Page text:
It’s the last day of March, and I’ve personally had an amazing time with my “Reading the Theatre” project. I read books and plays, I watched filmed versions of plays, and I enjoyed thinking about and discussing all of these.
- I started out with The story so far: my earlier posts on the theme.
- I shared a favorite quotation from Martha Graham that has been an inspiration to more than one creative artist.
- As a discussion question, I asked, “Do you read plays?”
- A curious piece of theatre was a guest post on the masque Comus, contributed by the ever-erudite Chris of Calmgrove.
- With Performing magic I linked up with March Magics at We Be Reading to explore one of the many magical books of Diana Wynne Jones, The Magicians of Caprona.
- In Two titans of the theatre I compared two books I read back-to-back about very different actors: Rex Harrison and Antony Sher.
- Tales in transformation was a reflection on reading Shaw’s Pygmalion and how it has metamorphosed through different stage and film incarnations, including the musical My Fair Lady.
- This led me to a final question, Can language transform your life?
Besides The Incomparable Rex and Antony Sher’s Year of the Mad King, other books I read this month with at least a passing relationship to the topic were:
- Missed Translations by Sopan Deb – Deb is a journalist and aspiring stand-up comic who writes movingly about his search for the immigrant parents who raised him, but whom he never really knew.
- Actress by Anne Enright – A melancholy, poetic narrative that circles around a novelist’s search for the truth about her famous actress mother and the father she never knew (a theme emerging here).
- Death in the Grand Manor by Anne Morice – Something completely different, a sprightly mystery amusingly narrated by a young English actress who gets caught up in some real-life drama.
- The Weather at Tregulla by Stella Gibbons – Another young actress has her plans for going to London thwarted and likewise gets tangled up, this time in romantic complications in Cornwall.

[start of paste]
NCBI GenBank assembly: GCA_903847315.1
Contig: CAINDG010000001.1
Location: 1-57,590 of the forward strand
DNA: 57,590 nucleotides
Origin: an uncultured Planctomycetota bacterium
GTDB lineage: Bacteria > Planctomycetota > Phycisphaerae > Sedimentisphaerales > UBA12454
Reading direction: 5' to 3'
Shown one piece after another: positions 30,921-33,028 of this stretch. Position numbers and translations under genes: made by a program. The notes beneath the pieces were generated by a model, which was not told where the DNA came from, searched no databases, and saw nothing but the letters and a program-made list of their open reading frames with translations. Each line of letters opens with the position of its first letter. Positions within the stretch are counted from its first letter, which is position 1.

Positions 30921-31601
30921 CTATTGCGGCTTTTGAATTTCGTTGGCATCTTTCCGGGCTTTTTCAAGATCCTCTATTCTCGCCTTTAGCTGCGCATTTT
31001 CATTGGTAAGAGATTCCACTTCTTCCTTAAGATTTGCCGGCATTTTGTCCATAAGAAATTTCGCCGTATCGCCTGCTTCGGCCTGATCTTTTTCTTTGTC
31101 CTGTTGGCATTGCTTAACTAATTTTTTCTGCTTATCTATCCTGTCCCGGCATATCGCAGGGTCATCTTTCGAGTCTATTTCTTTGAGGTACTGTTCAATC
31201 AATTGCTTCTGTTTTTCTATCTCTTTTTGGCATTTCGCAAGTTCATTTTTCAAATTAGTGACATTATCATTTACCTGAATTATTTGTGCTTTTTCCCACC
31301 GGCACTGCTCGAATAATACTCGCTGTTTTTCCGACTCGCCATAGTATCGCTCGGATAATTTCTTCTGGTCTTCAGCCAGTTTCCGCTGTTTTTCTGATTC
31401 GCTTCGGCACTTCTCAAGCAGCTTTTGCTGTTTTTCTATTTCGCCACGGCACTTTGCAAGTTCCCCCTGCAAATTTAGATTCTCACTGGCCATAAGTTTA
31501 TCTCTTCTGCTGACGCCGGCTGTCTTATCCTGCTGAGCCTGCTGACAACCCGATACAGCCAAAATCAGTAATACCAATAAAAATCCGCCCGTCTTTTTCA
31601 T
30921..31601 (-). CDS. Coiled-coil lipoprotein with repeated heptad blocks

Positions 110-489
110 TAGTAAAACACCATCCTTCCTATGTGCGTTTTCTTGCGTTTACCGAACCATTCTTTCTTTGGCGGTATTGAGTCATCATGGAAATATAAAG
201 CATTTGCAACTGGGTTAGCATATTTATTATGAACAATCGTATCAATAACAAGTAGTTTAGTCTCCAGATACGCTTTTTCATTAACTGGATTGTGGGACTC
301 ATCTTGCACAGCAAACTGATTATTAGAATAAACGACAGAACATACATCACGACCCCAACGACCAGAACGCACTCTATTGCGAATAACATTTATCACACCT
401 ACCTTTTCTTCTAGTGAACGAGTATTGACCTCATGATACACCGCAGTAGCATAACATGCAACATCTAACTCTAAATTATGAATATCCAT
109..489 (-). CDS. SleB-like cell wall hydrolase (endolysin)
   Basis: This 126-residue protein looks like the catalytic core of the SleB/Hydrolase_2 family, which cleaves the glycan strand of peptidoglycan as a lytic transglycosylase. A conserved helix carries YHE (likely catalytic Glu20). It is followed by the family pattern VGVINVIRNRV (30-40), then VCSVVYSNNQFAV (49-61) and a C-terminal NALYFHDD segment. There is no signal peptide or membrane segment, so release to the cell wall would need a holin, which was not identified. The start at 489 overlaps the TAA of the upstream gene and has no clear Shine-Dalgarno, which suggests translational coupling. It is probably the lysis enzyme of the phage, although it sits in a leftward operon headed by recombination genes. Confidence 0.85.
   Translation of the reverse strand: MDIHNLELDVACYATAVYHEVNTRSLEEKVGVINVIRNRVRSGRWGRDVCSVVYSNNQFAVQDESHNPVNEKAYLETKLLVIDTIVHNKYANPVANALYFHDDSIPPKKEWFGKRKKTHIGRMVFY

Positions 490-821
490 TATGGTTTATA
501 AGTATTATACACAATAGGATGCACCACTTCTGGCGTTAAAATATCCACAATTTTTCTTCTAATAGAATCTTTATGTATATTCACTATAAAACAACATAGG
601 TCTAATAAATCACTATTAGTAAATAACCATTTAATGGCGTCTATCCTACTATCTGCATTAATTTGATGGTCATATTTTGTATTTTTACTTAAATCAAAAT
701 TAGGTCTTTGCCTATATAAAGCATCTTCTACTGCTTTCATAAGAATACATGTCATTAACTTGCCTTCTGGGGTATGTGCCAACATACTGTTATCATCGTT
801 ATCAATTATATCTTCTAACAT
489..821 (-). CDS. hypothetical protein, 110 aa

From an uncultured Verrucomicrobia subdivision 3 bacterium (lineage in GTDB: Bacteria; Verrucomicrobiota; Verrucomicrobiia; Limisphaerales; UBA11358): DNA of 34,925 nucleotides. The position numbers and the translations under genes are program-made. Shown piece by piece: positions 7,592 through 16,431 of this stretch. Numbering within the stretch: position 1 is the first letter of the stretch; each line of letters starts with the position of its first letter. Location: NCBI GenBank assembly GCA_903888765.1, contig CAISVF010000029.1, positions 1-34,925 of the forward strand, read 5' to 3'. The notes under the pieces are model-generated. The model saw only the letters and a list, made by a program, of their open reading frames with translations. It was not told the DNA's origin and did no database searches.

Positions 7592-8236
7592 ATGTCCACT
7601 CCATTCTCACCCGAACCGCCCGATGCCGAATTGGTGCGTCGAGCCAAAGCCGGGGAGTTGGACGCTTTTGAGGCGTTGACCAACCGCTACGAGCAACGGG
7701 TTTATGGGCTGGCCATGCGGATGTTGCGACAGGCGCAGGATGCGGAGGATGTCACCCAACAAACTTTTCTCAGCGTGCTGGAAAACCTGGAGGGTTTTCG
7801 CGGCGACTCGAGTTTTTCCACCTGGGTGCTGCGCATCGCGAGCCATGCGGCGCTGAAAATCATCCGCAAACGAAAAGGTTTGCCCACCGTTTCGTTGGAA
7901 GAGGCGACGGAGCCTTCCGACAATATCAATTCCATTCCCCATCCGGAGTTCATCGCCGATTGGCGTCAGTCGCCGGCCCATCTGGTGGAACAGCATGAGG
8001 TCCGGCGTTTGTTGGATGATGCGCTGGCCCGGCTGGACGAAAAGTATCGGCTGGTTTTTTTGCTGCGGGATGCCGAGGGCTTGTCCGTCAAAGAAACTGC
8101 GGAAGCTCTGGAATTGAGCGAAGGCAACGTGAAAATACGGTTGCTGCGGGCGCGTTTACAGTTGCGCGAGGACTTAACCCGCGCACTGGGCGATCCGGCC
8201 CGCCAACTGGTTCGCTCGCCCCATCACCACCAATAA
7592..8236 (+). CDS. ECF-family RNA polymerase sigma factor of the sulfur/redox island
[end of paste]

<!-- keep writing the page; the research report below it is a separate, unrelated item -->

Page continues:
- I’m not quite finished with The Year of Lear: Shakespeare in 1606 by James Shapiro, but I’ve already learned so much about the history and social context behind three great plays that were produced that year: King Lear, Macbeth, and Antony and Cleopatra.
Special thanks to Dean Street Press for review copies of The Incomparable Rex, Death in the Grand Manor, and The Weather at Tregulla. If you don’t know this marvelous reprint press, I hope you will check out their many fine offerings. Clearly they share my enjoyment of theatrical topics and themes, with more to come in the future I hope.
Thanks also to all who joined in with me with posts on your own blogs. The posts I linked to were:
- At Staircase Wit: A Snowfall of Silver, Death in the Grand Manor, the Gemma books, Black Banner Players, and The Swish of the Curtain
- At She Reads Novels: a list of books with theatrical characters and a discussion post about historical drama.
- At Necromancy Never Pays, Missing the theater provided some reflections on great theater experiences of the past.
- And at Bitter Tea and Mystery, a review of Stage Fright, a delicious sounding academic mystery set in a drama group at Cambridge University.
If you have any further posts to let me know about, please be sure to do so in the comments. (WordPress does not like links in comments sometimes, but just give me a heads-up and I’ll find the post on your blog or wherever it may live.)
Whew, what a month! I feel reinvigorated to leap back into the drama of life. With a renewed appreciation for all we can experience through page and film, I still hope that theatre doors will be opening and curtains going up very soon.
8 thoughts on “Reading the Theatre Wrap-up Post”
Thank you for inaugurating this meme, Lory, and for your enlightening posts and links to posts by fellow travellers, they’ve given me much to think about at a time when live venues have been closed. The James Shapiro sounds really interesting, I read a Shakespeare study by him a few years ago that managed to be both scholarly and easy to read — no mean feat!
I’d say the same. It made sense of so many things and also gave a small window onto the detective work of historians, in an accessible way. Quite impressive.
Thanks for coming up with this idea at this time and orchestrating so many of us to think about it!
Thanks Jeanne! Honestly, there was basically no orchestrating involved. It all came together so beautifully in a spontaneous way. Total improv, but it worked this time.
What a lovely time you’ve had with this – I’m so glad!
Yes, I had a blast and I’d do it again. Not sure about anybody else.
Congratulations, Lory! This was a great success. I took an unexpected blogging break, but I did follow along some. So nice to see how many people took part and that love for theatre prevails even in these difficult times.
Thanks Laurie, of course you can always catch up on earlier posts when you have time. 🙂 I did enjoy it tremendously and was glad it struck a chord with so many.